This study investigated the mediation of self-esteem in adolescents’ oral health behaviors. The Rosenberg self-esteem scale was used to assess self-esteem, whereas data from socio-demographic and behavior characteristics were analyzed by questions validated in previous surveys. The teenagers had good oral health behavior, except unhealthy diet. The number of adolescents with high self-esteem was a lot smaller than those with low self-esteem. The use of dental services, even when associated with high self-esteem, lost significance after being adjusted by sex, age and tooth brushing frequency. Nevertheless, multiple logistic regression analysis, using unadjusted estimates and adjusted with their respective Confidence Intervals of 95%, showed a relationship of self-esteem with age (p-value=0.001) and tooth brushing frequency (p-value=0.019). Regardless of the sex, students over 16 years old with high self-esteem brush their teeth more often, having probably better oral health. These results confirm the modulation of self-esteem in oral health, and then it is necessary the analysis and the use of these psychosocial factors in the young oral health care.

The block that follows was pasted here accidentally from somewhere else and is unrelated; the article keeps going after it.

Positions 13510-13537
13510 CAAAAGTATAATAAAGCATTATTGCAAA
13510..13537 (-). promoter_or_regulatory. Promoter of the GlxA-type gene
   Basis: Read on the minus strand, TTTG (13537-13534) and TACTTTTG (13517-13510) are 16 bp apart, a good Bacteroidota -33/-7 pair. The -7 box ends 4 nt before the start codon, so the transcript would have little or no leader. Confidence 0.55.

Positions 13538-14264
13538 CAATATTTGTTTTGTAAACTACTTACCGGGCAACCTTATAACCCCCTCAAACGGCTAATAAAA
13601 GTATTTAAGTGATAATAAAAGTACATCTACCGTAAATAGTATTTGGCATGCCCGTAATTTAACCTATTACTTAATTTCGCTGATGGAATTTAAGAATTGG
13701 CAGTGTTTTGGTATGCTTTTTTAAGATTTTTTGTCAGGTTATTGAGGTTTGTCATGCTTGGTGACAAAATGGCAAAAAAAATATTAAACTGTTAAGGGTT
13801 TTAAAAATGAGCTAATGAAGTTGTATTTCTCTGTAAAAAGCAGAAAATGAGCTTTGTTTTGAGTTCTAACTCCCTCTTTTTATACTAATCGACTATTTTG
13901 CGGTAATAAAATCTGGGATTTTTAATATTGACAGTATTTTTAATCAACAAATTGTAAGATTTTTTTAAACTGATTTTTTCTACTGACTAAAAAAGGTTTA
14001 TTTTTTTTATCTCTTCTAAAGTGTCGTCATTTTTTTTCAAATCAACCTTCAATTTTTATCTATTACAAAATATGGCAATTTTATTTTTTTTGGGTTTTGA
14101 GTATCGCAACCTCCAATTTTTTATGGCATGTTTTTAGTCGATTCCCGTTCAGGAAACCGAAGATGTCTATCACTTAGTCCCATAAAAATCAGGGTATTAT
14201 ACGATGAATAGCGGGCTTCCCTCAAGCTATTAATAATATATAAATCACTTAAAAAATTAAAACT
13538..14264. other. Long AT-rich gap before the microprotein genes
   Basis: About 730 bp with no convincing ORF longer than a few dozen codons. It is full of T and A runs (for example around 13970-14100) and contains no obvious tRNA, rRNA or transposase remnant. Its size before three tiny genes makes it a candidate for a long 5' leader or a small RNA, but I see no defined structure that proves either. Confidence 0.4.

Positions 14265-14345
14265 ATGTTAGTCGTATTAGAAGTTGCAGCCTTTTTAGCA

Self-esteem; Health behavior; Oral health; Adolescent